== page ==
How to Buy a CRM System
| Midmarket companies need customer relationship management (CRM) systems with user-friendly features, so they should engage users in the requirements process.
But not too much.
In a typical scenario, so many users are polled "that you end up asking for a ton of features, which in turn tends to get you into a big vendor's big CRM package," says Brian Prentice of Gartner Inc.
And that's where the problem for midmarket IT comes in: Bigger is rarely agile, and agility is what gives the midmarket its edge over larger competitors.
Bigger does mean a pile of features that can sit idle. (Prentice says that only 28% of SAP CRM features get used.) It also means IT resources and a budget that can't keep up with the hefty app.
So rather than saying yes to every feature request, midmarket IT is better off going with a simpler application that it can get running quickly and add to later. Prentice says that Microsoft, Salesforce.com and FrontRange stand out in this area. "They're not obsessing on functional breadth and depth," he says. "They're building out implementation tools and [partnerships] for add-ons. They've realized they cannot beat the big guys at features and functions, so they're focusing on rapid modifications."
So how can you get started? First, ask future users to diagram their processes. Next, learn whether they're seeking to automate that process or whether they want to modify it. If the latter, work with users to diagram the new process.
Jim Benson, CTO at K/P Corp., says all this diagramming played a major role not only in his eventual decision to use Salesforce.com's hosted CRM software but also in the way he sold the process to business managers. "I did an elaborate diagram showing how many manual touches we had [without CRM], how salespeople's lives would get easier, all the info we could extract from our ERP system and so on," Benson says. "It showed we weren't just adding one more thing to maintain."
Paving the Way
"I'm not going to call our first [CRM] implementation a disaster, but it did not yield the productivity that it could have," says Nick Voutsakis, CIO at Glenmede Trust Co., a midmarket Philadelphia wealth management firm with $15 billion in assets under management for more than 1,400 clients. He hesitates, laughs and says, "I guess it wouldn't be wrong to call it a disaster."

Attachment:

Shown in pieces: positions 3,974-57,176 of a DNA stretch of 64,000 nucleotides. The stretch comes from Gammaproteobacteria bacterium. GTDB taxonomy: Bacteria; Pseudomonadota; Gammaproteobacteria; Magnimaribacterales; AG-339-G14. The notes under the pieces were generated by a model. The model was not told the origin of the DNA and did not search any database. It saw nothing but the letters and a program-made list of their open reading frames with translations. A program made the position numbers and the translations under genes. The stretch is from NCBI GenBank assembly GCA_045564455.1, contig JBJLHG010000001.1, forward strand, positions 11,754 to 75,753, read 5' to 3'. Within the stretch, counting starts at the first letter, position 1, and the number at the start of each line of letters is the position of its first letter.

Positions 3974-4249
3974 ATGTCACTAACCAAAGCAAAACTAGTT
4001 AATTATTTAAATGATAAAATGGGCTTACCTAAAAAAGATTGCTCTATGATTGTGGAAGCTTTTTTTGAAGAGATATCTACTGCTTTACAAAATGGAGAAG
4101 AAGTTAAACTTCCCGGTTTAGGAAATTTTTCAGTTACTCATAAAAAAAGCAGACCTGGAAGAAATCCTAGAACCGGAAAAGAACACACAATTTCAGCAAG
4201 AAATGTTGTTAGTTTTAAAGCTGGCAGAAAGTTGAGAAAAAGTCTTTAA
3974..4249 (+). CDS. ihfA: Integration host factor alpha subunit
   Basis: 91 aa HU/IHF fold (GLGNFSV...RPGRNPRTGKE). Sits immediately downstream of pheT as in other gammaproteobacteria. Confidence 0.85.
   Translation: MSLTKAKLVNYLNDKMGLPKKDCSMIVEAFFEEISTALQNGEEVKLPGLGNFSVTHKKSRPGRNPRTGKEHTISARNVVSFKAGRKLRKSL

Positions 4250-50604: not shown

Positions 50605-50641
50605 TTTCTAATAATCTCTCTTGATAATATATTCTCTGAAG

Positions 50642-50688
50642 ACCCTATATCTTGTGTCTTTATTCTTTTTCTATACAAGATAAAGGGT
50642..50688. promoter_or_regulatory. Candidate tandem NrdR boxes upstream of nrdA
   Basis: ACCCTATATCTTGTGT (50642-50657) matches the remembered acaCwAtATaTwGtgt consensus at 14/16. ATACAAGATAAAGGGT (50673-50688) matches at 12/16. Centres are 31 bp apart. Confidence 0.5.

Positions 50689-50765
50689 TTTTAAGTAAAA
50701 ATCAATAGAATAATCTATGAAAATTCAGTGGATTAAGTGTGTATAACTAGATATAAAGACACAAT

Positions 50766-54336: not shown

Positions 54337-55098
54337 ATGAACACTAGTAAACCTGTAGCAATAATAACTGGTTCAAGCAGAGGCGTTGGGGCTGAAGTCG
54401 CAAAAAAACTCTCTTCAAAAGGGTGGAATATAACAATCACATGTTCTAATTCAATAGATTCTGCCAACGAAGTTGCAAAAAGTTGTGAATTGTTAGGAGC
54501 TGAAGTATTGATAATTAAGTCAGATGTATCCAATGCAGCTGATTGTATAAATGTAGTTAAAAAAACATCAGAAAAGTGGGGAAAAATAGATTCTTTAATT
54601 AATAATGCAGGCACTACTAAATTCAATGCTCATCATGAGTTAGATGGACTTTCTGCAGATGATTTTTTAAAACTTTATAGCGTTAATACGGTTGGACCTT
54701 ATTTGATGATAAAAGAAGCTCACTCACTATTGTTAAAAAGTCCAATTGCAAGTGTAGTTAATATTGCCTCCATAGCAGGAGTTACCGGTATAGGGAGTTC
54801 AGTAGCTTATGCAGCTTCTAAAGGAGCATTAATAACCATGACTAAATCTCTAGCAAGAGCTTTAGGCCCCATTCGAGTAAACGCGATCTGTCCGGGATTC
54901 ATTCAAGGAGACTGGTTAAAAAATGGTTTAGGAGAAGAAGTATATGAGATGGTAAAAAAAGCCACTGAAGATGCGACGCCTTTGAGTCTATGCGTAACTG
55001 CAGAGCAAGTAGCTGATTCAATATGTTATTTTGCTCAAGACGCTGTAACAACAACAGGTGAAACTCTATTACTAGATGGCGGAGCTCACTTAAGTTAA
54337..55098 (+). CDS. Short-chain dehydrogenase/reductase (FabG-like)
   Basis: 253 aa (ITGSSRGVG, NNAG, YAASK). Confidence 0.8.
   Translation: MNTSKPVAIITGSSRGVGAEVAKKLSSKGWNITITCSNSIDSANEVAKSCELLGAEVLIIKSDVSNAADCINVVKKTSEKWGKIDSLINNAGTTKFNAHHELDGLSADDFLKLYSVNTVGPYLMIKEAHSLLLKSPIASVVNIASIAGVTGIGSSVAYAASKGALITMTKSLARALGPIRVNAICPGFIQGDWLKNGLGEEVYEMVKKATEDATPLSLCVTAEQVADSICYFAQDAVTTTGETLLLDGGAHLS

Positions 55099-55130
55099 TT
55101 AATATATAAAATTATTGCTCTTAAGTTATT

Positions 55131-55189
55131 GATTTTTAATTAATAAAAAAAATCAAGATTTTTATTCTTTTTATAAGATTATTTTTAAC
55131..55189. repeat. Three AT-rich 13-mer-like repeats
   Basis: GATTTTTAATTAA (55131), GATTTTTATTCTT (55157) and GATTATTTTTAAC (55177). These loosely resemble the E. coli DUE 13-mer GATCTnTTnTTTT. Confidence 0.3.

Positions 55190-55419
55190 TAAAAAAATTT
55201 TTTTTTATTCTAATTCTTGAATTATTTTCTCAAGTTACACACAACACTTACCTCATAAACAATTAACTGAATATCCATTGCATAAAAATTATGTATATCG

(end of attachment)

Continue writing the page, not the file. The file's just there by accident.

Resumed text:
Its first time around in 2001, Glenmede installed a package from a small vendor that "was bought out by Sybase, and then Sybase dropped the product," Voutsakis says. "So we supported it ourselves for two years." But, he adds, the application wasn't the true problem. "The CEO dictated, 'You are going to use this,'" Voutsakis says. Nonetheless, he doesn't blame business execs for the failure; put off by the CEO's edict and with insufficient knowledge about CRM, IT failed, Voutsakis admits, to help prospective users understand how CRM could help them better manage their accounts. It also didn't seek business units' input on functionality or the interface. The result: an unused CRM system.
Glenmede's experience reflects what often happens when CRM systems are imposed from above or adopted only because it seems like the thing to do, with little emphasis on securing executive sponsorship or user education. That's as true in midmarket companies as in larger organizations.
At North Shore Credit Union, the first CRM go-round in 2002 earned CIO Fred Cook an earful from tellers. The U.S. $56.5-million financial institution based in Vancouver, British Columbia, had a swank new CRM system from Pivotal Corp. The IT group failed to gather sufficient user input, Cook admits. As a result, it developed only a single data view of customers; tellers saw all the same CRM data that a loan officer or other senior exec would see.
North Shore's tellers immediately complained that this view overwhelmed them; with only a minute or so to complete transactions, they couldn't waste time paging through screens for information that was relevant to them. "They didn't have time to really look at all the CRM windows," Cook says. "They were looking at too many boxes [of customer data], and it wasn't really useful to them -- it didn't flow."
That wasn't Cook's only problem. Before he signed on at North Shore, business managers decided to encourage adoption of the CRM system by measuring the quantity of customer information employees entered in data fields. "We got garbage in, garbage out, with no substance," he says.